The bride and bridegroom with Mr. Chamberlain’s children at Highbury in 1889: Back row, left to right: Neville Chamberlain (1869-1940), Austen Chamberlain (1863-1937) and Joseph Chamberlain (1836-1914). Front row, left to right: Miss H. Chamberlain and Mrs Mary Chamberlain (nee Endicott); “The Reception of the Right Honourable Joseph Chamberlain, MP, and his American Bride, at the Town Hall, Birmingham”, The Graphic, January, 1989; The dashing Colonial Secretary in 1895; Mr. and Mrs. Chamberlain in 1903; the Washington Times, 1904, and Boston Globe, 1914.
In late spring of 1916, Mrs. Chamberlain became engaged to another older, widowed, English gentleman: the Reverend William Hartley Carnegie, a Canon and Sub-Dean of Westminster Cathedral. They were married in August in the Henry VII Chapel at the Cathedral, with her stepsons Austen, future Cabinet Minister and Nobel Laureate, walking her down the aisle and Neville, future Prime Minister, in attendance. The announcements in the Boston papers read: Salem Woman, Widow of Chamberlain, marries Canon of Westminster Abbey. This was the beginning of a much more private life for Mary Endicott, and after the Reverend Canon’s death in 1936, it became even more “quiet”, at least from the perspective of newspaper coverage. She would live for another twenty years, during which she did not make much news. There is extensive documentary evidence of her correspondence and close relationships with her two Chamberlain stepsons, but she survived them both. She is interred alongside her second husband in Westminster Abbey, with a simple inscription of “Mary Endicott” and a memorial bust of her first husband nearby.
John Singer Sargent’s pencil study of Mrs. Joseph Chamberlain, 1902, Harvard Art Museums/Fogg Museum.
February 21st, 2017 at 8:38 am
Hi Donna, another fabulous piece. Thanks so much.
I came across Mary Endicott while researching the history of Glen Magna. Evidently Mr. Chamberlain, owner of Highbury, contributed his horticultural expertise to the improvement of Glen Magna.
Love the Millais and Sargent portraits of Mary. Good show!
February 21st, 2017 at 9:26 am
I didn’t know that, Helen! Thanks so much for adding that bit. He was such a reformer!
February 21st, 2017 at 10:08 am
Reblogged this on O LADO ESCURO DA LUA.
February 21st, 2017 at 11:24 am
Donna, and let us not forget Mary’s stepson Neville Chamberlain, “Peace in our time,” Munich etc.
February 21st, 2017 at 12:05 pm
No, can’t forget that quote unfortunately.
February 22nd, 2017 at 11:53 pm
Is the house on Essex St. where Mary grew up the Joseph Cabot house, now yellow with an inappropriate Victorian replacement front door, that stands opposite the Salem Public Library?
February 23rd, 2017 at 3:11 am
February 23rd, 2017 at 2:20 pm
It’s ironic that Mary was so often associated with the idea of the peerage, since Chamberlain was about the last person who would have gotten a title. Although, if he had stayed active in politics for several more years, he might have got one; David Canandine’s book on the fall of the British aristocracy documents the accelerating tendency to reward long-serving notable MPs and industrialists who gave generously to the party coffers with peerages, especially at the end of the Great War.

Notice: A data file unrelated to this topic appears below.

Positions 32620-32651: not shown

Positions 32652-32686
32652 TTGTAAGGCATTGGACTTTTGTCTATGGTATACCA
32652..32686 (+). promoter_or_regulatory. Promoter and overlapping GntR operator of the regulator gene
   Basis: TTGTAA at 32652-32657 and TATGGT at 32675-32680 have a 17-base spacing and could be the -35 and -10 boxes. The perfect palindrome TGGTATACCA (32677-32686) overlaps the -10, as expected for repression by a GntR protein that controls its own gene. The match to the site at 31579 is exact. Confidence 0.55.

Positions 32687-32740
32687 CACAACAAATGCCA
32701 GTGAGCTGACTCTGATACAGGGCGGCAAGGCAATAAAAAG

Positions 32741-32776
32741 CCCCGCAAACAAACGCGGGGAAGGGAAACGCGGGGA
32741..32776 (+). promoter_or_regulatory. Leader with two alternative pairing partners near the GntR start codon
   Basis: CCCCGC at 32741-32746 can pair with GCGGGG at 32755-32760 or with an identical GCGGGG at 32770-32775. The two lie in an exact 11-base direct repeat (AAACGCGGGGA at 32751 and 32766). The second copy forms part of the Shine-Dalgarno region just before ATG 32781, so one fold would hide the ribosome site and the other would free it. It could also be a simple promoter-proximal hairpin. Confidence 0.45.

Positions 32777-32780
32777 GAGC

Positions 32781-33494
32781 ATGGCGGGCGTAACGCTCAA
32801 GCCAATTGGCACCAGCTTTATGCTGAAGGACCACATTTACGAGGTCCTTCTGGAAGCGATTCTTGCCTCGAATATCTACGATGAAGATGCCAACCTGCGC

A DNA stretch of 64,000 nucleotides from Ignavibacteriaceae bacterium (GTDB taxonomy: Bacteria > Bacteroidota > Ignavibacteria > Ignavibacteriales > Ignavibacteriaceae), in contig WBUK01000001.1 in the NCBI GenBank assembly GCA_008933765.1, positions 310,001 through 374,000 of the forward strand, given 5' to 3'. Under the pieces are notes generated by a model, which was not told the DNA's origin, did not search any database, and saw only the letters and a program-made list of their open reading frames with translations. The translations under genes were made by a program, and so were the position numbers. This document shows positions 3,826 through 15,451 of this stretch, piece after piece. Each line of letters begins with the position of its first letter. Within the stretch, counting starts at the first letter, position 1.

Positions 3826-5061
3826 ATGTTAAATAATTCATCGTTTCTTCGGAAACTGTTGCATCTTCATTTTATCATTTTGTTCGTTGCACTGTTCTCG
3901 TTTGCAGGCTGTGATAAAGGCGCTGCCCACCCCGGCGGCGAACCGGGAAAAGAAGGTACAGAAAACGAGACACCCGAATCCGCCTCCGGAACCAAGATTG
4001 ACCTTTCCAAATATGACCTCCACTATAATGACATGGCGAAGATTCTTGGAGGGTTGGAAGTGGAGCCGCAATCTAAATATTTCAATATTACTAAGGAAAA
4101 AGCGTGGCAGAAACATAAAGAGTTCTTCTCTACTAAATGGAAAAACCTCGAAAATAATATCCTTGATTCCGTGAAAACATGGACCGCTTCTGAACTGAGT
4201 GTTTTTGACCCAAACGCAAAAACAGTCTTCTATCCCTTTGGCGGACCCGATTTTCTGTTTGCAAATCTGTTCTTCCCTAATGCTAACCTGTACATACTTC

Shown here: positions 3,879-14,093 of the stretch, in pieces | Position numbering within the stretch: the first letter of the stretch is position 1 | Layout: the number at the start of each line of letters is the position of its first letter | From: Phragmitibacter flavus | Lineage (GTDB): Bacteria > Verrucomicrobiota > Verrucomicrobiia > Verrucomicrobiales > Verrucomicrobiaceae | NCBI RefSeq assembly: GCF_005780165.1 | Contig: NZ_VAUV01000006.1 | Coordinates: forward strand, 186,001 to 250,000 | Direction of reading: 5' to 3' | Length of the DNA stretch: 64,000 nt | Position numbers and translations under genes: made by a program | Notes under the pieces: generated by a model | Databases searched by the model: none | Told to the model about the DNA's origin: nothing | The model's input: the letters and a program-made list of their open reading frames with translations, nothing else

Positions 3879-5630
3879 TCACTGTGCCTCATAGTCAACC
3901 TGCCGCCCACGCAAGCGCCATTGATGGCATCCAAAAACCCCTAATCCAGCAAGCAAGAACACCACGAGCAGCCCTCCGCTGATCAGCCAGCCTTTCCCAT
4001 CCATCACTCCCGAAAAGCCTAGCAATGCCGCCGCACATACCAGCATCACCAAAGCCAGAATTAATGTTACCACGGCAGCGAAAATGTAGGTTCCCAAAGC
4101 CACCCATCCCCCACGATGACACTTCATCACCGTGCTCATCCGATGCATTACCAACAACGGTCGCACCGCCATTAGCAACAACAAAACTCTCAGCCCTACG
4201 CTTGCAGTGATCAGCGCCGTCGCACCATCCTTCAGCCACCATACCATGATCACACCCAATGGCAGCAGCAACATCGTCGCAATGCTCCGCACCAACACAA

February 23rd, 2017 at 2:25 pm
I don’t think he wanted one, Brian–and I don’t know where that Viscountess of Highbury story is coming from; I’m going to follow up on that.
February 23rd, 2017 at 2:36 pm
And here’s a link to a Chicago Tribune story that at casual glance may have the same text announcing Mary’s title, with the interesting speculation that Joe had refused one but wouldn’t object to his wife getting one! Maybe he objected after all.
February 23rd, 2017 at 2:39 pm
Oooh, missed that one–no new information but look at that drawing of her birthplace!!! I owe you, big time.
February 23rd, 2017 at 4:15 pm
Come springtime, once I get my mother’s house sold, I’ll pay a trip to Salem. 🙂
January 2nd, 2018 at 5:04 pm
Mrs Mary Chamberlain and her step daughter in law, Mrs Austen Chamberlain – in particular the latter – were very good friends of Julia, née Meyer/mother Alice Appleton, my friend and in my youth mentor and supporter. Julia and Mary might have been cousins. My parents owned Julia’s childhood house in Hamilton, her sister Alice Coffin still living in a wing that had been moved across the lawn. Julia, who’s dad laid the ground work for much of President Teddy Roosevelt’s Noble Peace Prize – such confirmed to me by Alice Roosevelt Longworth who Julia introduced me to ( although there was some sort of contre temps between them: I will try to remember ) – and Mrs Austen Chamberlain, who’s husband – British Foreign Secretary and brother of Prime Minister Neville Chamberlain – won the Noble Peace Prize in the 1920’s, both worked hard in the late 1930’s – Austen already deceased – to divert World War Two. Julia’s oral memories of that period relayed to me were riveting especially to a young person very keen on history. We sat for hours after lunch and often dinner. Julia also laid much of the very early groundwork for the Lateran Treaty, further discussed and confirmed to me by Cabot Lodge and by our US Envoy to the Vatican, resident there during World War Two, Harold Tittman the latter often joining us. These stories and others would strongly influence my own efforts, when my opportunity came, to promote peace, in my case in the Balkans and elsewhere but most notably in Ireland. History, though the example of mentors, through study and through personnel action does influence the present. It is up to us, even if we must pass through much turmoil, to embrace those parts gleaned from experience that when brought together result in actions enhancing the common good. Thank you for triggering these memories.
January 2nd, 2018 at 5:06 pm
Thank you very much for you comments!
January 2nd, 2018 at 6:19 pm
My pleasure. Thank you for affording us a platform. Well done!